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Happy Not Back to School Traditions

August 23, 2011

Today, there was a great collective sigh of relief in North Texas ( and over much of the rest of the state), as the kiddos all went back to school. Except at our house. We don’t go to school on the first day the Public Schools are back in session. It’s our Happy Not Back to School Day! We celebrate, normally, with donuts and park visits, but today…we gave it a bit of a twist (and I actually snuck something educational in..shh..don’t tell the boys – I don’t think they noticed!) Here’s us fueling up for our day with our traditional pre-game donuts.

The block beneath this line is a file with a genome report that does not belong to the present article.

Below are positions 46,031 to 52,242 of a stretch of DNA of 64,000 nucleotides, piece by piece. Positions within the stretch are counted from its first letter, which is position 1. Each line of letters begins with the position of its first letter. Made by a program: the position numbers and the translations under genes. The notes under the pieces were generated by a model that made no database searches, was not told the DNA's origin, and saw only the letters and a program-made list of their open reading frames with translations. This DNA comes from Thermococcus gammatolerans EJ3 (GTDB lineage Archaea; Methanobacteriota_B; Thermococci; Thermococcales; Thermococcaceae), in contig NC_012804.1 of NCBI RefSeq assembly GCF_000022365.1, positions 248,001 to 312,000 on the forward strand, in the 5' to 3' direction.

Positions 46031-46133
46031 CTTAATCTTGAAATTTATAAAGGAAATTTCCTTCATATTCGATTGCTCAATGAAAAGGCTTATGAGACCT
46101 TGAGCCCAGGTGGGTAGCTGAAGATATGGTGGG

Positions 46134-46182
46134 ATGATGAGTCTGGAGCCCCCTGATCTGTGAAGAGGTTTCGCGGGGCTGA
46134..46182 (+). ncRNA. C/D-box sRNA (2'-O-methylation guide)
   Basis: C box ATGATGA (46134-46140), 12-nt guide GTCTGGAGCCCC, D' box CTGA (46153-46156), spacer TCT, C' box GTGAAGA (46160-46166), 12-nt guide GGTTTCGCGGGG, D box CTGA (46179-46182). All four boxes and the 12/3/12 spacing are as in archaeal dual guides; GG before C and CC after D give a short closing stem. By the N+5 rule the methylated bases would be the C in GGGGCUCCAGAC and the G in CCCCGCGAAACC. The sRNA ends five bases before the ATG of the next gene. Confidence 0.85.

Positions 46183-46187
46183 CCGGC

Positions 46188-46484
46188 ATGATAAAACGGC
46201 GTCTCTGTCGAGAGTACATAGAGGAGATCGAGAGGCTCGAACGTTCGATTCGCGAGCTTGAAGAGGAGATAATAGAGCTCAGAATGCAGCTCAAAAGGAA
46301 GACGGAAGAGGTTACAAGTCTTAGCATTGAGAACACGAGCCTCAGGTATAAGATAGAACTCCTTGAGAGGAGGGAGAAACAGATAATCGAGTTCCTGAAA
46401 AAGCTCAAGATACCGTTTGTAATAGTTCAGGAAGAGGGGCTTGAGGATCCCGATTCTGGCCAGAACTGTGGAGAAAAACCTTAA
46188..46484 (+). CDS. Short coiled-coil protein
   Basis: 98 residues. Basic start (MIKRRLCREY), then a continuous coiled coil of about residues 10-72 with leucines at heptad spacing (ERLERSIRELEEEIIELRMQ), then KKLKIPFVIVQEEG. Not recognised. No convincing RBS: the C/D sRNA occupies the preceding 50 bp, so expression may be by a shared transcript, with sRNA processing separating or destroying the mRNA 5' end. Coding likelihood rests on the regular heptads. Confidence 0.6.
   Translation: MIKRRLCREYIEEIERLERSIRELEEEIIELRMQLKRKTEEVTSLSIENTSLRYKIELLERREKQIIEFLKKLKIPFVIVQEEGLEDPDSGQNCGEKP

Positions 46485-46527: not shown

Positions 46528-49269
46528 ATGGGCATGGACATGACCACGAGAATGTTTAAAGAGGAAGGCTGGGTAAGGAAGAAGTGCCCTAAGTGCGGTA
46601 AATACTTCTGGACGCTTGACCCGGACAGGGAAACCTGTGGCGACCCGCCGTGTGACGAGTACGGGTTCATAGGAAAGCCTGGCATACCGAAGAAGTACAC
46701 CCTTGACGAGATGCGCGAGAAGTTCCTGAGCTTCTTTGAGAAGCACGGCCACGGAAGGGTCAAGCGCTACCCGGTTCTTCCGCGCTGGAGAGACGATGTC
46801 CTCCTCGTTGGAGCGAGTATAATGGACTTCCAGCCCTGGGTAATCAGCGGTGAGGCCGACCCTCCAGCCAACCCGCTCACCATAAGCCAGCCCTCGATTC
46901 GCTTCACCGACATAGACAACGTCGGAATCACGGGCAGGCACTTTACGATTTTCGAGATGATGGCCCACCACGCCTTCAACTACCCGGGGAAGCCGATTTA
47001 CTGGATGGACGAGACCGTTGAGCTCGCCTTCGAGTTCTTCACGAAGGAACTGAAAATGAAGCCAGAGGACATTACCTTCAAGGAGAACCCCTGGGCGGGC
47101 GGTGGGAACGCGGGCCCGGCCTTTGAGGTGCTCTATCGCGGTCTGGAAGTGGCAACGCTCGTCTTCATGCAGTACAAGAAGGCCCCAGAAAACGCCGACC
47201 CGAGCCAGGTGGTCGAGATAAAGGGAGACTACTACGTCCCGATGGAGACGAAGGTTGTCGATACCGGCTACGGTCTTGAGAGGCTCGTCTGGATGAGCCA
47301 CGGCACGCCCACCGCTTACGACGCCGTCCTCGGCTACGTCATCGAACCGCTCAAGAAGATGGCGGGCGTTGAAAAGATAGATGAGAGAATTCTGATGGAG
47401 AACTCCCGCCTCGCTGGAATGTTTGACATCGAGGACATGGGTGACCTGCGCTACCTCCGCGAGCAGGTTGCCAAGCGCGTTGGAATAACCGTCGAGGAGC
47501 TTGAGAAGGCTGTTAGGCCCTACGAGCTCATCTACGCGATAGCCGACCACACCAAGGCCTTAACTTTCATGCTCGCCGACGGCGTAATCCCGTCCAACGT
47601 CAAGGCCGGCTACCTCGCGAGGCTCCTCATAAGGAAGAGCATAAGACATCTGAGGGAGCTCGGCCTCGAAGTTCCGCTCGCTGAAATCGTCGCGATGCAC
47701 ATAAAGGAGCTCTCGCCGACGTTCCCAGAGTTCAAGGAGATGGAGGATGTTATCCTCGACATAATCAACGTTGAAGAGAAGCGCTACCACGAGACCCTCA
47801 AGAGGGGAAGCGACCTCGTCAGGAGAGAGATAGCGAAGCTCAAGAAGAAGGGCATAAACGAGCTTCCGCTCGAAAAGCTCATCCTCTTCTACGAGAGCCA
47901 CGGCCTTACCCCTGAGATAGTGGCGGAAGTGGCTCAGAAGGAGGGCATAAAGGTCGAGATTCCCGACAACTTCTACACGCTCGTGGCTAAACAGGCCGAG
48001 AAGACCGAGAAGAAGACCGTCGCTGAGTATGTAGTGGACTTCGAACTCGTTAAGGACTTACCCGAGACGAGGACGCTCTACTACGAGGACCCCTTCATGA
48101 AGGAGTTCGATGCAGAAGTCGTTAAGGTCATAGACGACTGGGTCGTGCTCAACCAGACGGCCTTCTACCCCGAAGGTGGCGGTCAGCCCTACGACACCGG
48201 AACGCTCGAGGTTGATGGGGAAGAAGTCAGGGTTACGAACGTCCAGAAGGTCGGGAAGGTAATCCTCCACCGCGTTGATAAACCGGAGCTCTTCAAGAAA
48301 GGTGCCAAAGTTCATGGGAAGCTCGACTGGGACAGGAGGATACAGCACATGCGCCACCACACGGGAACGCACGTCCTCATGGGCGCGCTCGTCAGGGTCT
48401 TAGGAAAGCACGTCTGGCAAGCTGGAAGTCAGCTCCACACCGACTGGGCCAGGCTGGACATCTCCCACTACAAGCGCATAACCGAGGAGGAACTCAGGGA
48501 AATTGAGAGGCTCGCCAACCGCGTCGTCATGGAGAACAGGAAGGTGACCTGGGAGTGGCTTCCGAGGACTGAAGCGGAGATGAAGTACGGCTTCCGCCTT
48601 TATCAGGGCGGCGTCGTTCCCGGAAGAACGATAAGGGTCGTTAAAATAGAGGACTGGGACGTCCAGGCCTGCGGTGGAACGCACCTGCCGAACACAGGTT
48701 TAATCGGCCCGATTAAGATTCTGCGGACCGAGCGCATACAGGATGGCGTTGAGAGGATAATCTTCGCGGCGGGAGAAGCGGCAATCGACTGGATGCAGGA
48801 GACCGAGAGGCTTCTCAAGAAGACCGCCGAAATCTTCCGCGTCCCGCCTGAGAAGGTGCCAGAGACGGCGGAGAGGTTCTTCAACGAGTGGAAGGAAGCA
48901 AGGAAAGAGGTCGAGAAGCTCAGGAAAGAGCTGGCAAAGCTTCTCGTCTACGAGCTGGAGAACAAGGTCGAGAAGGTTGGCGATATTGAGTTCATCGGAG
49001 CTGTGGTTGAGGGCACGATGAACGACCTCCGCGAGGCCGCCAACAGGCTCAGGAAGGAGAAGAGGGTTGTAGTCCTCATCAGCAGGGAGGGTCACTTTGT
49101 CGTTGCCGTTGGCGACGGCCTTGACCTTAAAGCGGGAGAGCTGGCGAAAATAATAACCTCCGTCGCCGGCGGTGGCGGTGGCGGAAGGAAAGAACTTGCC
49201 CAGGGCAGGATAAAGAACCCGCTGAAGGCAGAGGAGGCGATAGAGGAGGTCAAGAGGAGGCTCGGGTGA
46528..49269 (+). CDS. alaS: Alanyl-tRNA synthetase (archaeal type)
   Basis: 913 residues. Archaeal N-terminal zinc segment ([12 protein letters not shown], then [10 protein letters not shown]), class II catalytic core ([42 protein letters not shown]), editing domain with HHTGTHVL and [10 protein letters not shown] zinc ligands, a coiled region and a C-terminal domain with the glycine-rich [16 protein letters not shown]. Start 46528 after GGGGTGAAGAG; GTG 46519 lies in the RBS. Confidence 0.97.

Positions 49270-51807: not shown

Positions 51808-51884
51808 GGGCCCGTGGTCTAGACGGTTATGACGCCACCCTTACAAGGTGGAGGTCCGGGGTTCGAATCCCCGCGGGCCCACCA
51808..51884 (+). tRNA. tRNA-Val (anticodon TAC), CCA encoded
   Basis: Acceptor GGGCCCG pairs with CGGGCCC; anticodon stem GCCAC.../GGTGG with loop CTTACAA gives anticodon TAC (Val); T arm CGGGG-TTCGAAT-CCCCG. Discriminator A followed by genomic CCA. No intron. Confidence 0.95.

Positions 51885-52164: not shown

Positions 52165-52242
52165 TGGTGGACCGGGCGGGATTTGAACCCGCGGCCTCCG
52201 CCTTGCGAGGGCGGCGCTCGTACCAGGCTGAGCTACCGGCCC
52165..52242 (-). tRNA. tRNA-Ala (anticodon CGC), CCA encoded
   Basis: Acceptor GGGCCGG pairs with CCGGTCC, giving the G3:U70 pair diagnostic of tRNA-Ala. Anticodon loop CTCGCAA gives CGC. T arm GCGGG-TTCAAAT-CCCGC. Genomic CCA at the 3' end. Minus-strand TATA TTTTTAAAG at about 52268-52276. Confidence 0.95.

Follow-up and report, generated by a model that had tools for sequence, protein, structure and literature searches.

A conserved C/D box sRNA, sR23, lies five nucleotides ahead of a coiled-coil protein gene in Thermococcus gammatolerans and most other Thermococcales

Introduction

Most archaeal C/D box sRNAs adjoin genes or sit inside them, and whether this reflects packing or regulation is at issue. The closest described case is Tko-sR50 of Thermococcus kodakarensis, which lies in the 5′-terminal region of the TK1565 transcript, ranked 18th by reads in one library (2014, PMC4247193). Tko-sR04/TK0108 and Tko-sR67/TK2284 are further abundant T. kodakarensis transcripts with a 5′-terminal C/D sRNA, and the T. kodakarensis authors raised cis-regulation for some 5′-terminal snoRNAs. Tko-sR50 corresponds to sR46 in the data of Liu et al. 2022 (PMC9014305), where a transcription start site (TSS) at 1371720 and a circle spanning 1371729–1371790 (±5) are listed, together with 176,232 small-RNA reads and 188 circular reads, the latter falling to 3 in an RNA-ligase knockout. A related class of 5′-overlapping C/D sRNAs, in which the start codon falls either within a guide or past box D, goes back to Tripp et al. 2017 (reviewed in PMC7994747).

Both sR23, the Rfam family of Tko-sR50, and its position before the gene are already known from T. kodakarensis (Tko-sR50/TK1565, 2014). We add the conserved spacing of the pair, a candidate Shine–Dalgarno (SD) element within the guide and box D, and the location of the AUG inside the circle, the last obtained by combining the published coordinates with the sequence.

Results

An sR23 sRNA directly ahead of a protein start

Then we made a trek out to Irving to see the Genghis Khan exhibit – he was really just a misunderstood diplomat, really.

This is what the boys were like before going into the exhibit

This is what they were like when they came out of the exhibit! The Khaaaaaaaan experience got to them (and if any of you Star Trek geeks got that – give yourself a pat on the back.)

This is a traveling exhibit through Sept. 30th, locally. It almost seems like a Tourism Board of Mongolia take on the Khan experience at first. We, in the west, have always been taught that he was a ruthless conqueror, pillaging and (all that other bad stuff) his way across Asia and Asia Minor on his way to Europe. Well, he was, really, but in that goal to take over the world at that time, he is credited with a few cool things like Diplomatic immunity (safe passage for envoys), the Pony Express, the postal system, passports, modern borders of China, blah..blah..blah..and pants!